-When power poles are run across rocky terrain, the local soil may be non-conductive, for example running power poles in the mountains where that surfaces might be cold and the surface made of rock. In this case ground wires are run parallel with the power poles, with one wire on each side, that bond together ground wires on multiple poles until conductive soils are reached and adequate grounding can be accomplished.

Measure earth loop resistance

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The Neutral and ground array
In the US: The Neutral wire runs from pole to pole across the electric grid.
When the Neutral is installed on top of the pole above the other wires (commonly found on transmission and subtransmission poles coming from power plant or traveling between substations), it's called the static line, and it's location protects the grid from direct lightning strikes by redistributing voltage to the earth through ground connections at each pole.
When the Neutral is installed below the hot wires (commonly found on distribution poles traveling from local substation to end user), it is simply called the Neutral or System Neutral.
The Neutral is connected to the ground wire at each pole.
The Neutral is bonded to all other Neutrals, and bonded to all ground wires to form a single large ground array or earthing array.

Under each substation is an array of ground rods that interconnect all the equipment in the substation, and connect with the incoming and outgoing Neutral wire. At the power plant, the generator is bonded to ground array through the Neutral wire connection.
The Neutral wire and 3 Hot wires come off the power plant generator. Only the Neutral wire is connected to ground wire array. The Hot wires are always separated from any source of ground by non-conductive insulators.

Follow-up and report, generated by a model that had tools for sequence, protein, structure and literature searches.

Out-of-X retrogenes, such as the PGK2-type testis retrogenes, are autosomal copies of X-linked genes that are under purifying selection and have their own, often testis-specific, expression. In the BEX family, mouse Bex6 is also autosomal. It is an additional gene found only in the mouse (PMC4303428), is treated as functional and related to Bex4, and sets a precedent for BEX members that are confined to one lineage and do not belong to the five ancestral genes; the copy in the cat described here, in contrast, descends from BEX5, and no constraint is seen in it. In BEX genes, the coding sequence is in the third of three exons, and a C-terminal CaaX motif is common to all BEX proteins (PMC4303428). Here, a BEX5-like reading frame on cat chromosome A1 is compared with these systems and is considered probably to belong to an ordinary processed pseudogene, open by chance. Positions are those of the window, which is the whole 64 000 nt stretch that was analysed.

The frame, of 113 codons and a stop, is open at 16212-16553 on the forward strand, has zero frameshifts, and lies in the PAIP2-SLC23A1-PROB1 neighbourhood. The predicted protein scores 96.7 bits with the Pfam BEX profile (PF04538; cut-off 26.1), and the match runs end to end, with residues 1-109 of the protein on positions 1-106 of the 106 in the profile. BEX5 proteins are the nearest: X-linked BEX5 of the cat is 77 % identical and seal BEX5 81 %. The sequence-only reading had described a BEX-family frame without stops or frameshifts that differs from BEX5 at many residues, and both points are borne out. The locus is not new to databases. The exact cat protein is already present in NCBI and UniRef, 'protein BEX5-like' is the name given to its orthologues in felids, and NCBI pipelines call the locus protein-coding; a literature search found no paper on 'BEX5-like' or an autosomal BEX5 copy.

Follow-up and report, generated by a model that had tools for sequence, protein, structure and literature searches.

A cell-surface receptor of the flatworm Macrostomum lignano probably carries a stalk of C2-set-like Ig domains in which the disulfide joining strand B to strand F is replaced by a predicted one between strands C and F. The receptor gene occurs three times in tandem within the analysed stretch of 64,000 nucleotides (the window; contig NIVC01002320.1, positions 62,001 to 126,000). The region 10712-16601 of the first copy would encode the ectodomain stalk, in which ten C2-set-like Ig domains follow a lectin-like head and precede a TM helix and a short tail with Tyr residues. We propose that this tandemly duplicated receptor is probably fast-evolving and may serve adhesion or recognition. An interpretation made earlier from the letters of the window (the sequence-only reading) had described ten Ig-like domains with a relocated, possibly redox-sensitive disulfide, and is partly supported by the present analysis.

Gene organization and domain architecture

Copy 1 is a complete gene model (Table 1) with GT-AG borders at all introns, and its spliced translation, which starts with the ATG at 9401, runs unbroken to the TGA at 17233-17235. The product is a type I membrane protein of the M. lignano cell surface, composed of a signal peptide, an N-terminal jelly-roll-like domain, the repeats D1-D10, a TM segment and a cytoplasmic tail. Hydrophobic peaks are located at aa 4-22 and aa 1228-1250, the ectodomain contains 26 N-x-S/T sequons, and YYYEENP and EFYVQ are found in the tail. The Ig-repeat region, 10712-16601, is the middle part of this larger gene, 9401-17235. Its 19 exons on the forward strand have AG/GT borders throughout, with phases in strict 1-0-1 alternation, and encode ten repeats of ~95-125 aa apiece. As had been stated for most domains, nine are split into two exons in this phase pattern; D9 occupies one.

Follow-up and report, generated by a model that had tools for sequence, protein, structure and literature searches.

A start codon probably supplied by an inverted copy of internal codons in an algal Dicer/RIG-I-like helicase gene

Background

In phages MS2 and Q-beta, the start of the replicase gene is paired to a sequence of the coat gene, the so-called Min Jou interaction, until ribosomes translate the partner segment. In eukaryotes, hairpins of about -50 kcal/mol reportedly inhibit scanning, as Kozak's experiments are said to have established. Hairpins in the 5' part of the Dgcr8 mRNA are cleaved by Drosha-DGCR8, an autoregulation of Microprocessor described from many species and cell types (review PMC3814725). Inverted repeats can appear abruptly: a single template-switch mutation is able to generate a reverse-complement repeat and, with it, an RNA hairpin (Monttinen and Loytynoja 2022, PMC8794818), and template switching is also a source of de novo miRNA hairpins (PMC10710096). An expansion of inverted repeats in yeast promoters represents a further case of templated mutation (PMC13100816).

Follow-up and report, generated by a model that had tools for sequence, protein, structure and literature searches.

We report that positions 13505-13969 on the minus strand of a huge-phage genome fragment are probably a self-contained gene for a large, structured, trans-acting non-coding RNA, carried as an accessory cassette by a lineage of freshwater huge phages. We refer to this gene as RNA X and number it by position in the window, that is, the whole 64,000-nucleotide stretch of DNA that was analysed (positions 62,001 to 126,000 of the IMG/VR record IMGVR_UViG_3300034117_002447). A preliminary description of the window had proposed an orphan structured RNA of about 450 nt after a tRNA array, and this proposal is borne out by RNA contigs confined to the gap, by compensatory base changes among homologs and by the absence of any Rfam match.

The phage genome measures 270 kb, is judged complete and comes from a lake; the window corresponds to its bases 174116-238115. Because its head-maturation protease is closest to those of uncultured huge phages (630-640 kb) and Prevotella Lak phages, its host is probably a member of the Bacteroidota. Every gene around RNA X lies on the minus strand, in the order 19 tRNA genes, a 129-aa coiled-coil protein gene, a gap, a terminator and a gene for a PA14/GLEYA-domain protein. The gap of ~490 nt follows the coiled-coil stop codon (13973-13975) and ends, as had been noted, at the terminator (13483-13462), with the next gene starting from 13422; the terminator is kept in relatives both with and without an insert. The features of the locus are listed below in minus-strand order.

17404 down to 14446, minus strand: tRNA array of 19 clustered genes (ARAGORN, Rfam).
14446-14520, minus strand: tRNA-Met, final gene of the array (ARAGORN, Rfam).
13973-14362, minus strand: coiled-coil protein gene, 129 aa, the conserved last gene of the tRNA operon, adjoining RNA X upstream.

Both Neutral and ground are necessary for safety and reliability, to absorb overvoltages, surges, lightning strikes etc by providing direct pathway to earth.
The system is further protected by circuit breakers at each substation and lightning arrestors. If lightning hits the static line at a transmission tower or power pole, and the voltage is greater than the grounding can absorb, the overvoltage jumps to the hot wires, travels to the substation or power plant, causing a circuit breaker to trip at the substation.

At the end user location, the Neutral connects to the transformer neutral connection, depending on the service requirement.
For example a residential service is typically 120-240 volt single phase. The Neutral and 1 hot wire connect to the primary side of the transformer. At the same time, the Neutral is bonded to the ground wire that travels down the pole to earth. The ground wire also connects to the steel transformer can at the point where the Neutral goes to the house. The transformer is grounded by the ground wire.
Inside each transformer are two coils of wire: the primary and the secondary. The Neutral from the power company connects to the primary coil, and the secondary coil. The secondary coil on a residential transformer is actually composed of two coils, with a connection in the middle that gives rise to the Neutral wire that goes into the house, and is bonded to ground. Therefore the transformer creates it's own Neutral. The Neutral from the pole connects to the Neutral going to the house. Therefore the Neutral going into the house is connected to the metal can, thus giving continuous Neutral-Ground back to the power company generator.